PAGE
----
In other words, yes, there are cases in which those who are
"irregular" situations can received Holy Communion, even if they are in
what is, objectively, a state of adultery"particularly where a person
believes they would fall into a worse error, and harm the children of
the new union." There you go. So, how is this to be reconciled with the CDF's 1994 statement on reception of Holy Communion by those who are divorced and "remarried"?
mistaken conviction of a divorced and remarried person that he may
receive Holy Communion normally presupposes that personal conscience is
considered in the final analysis to be able, on the basis of one's own
convictions, to come to a decision about the existence or absence of a
previous marriage and the value of the new union. However, such a
position is inadmissable(16). Marriage, in fact, because it is both the
image of the spousal relationship between Christ and his Church as well
as the fundamental core and an important factor in the life of civil
society, is essentially a public reality.
It is certainly true
that a judgment about one's own dispositions for the reception of Holy
Communion must be made by a properly formed moral conscience. But it is
equally true that the consent that is the foundation of marriage is not
simply a private decision since it creates a specifically ecclesial and
social situation for the spouses, both individually and as a couple.
Thus the judgment of conscience of one's own marital situation does not
regard only the immediate relationship between man and God, as if one
could prescind from the Church's mediation, that also includes canonical
laws binding in conscience. Not to recognise this essential aspect
would mean in fact to deny that marriage is a reality of the Church,
that is to say, a sacrament. (pars 7-8)
That document, of course,
was issued by then-Cardinal Ratzinger during the papacy of John Paul II.
And it was John Paul II who had stated, in his 1981 Apostolic
Exhortation Familiaris Consortio, that:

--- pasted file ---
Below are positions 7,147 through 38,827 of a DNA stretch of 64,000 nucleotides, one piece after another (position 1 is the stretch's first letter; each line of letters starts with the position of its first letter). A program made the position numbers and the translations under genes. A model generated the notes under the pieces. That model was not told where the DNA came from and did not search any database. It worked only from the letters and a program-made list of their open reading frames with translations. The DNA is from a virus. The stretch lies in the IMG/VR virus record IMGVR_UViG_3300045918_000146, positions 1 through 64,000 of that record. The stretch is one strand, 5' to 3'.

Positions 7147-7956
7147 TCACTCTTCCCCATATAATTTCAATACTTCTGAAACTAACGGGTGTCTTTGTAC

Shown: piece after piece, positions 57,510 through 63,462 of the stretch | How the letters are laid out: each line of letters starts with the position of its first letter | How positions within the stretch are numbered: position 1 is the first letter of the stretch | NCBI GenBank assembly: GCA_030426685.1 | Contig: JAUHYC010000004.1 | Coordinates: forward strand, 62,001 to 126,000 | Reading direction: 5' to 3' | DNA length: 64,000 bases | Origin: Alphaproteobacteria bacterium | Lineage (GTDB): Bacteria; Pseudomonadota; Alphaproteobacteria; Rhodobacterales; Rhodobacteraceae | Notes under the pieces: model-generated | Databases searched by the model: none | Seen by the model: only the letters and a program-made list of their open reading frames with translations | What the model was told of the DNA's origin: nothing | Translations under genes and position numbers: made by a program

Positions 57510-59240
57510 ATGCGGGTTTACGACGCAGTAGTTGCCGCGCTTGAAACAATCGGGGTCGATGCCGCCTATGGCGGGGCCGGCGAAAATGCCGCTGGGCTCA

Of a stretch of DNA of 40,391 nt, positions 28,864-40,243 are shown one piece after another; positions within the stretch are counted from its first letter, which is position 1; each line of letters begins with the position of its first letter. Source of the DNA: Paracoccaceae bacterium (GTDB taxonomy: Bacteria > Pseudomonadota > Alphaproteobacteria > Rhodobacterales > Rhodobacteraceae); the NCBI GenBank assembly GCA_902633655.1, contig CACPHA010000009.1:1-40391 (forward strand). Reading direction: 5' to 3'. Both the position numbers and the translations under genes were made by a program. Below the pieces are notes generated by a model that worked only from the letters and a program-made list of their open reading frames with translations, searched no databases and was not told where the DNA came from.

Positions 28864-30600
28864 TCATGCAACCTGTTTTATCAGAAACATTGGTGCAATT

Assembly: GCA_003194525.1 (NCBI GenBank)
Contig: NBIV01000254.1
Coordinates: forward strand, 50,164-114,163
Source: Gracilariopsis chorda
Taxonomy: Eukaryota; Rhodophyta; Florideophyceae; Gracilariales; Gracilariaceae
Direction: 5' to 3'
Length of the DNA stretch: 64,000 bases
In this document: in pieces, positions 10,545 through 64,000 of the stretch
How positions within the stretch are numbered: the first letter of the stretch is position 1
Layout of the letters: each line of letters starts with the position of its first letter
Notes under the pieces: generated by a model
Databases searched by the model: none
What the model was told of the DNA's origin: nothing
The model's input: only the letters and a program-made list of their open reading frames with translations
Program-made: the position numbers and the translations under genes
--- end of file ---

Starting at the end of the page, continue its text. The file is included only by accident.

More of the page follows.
the Church reaffirms her practice, which is based upon Sacred
Scripture, of not admitting to Eucharistic Communion divorced persons
who have remarried. They are unable to be admitted thereto from the fact
that their state and condition of life objectively contradict that
union of love between Christ and the Church which is signified and
effected by the Eucharist. Besides this, there is another special
pastoral reason: if these people were admitted to the Eucharist, the
faithful would be led into error and confusion regarding the Church's
teaching about the indissolubility of marriage.
But Fr. Spadaro
flatly states: "St. John Paul II already opened the door to an
understanding of the position of the divorced and remarried through the
discernment of the different situations which are not objectively
identical, thanks to the internal forum."
Such is the new "clarity"...
On December 8th it was reported that "Twenty-three Catholic scholars and pastors, three of them Oxford University academics, have given their names to a statement in support of the “four cardinals”, after the cardinals’ request to Pope Francis to clarify his apostolic exhortation Amoris Laetitia."
And on December 9th, two moral theologians, John Finnis and Germain Grisez, published a lengthy open letter to Pope Francis on the First Things website, along with a note of explanation, stating in part:
letter explains how proponents of the eight positions we identify can
find support in statements by or omissions from the Apostolic
Exhortation, and indicates how these positions are or include errors
against the Catholic faith. In each case we explain briefly how the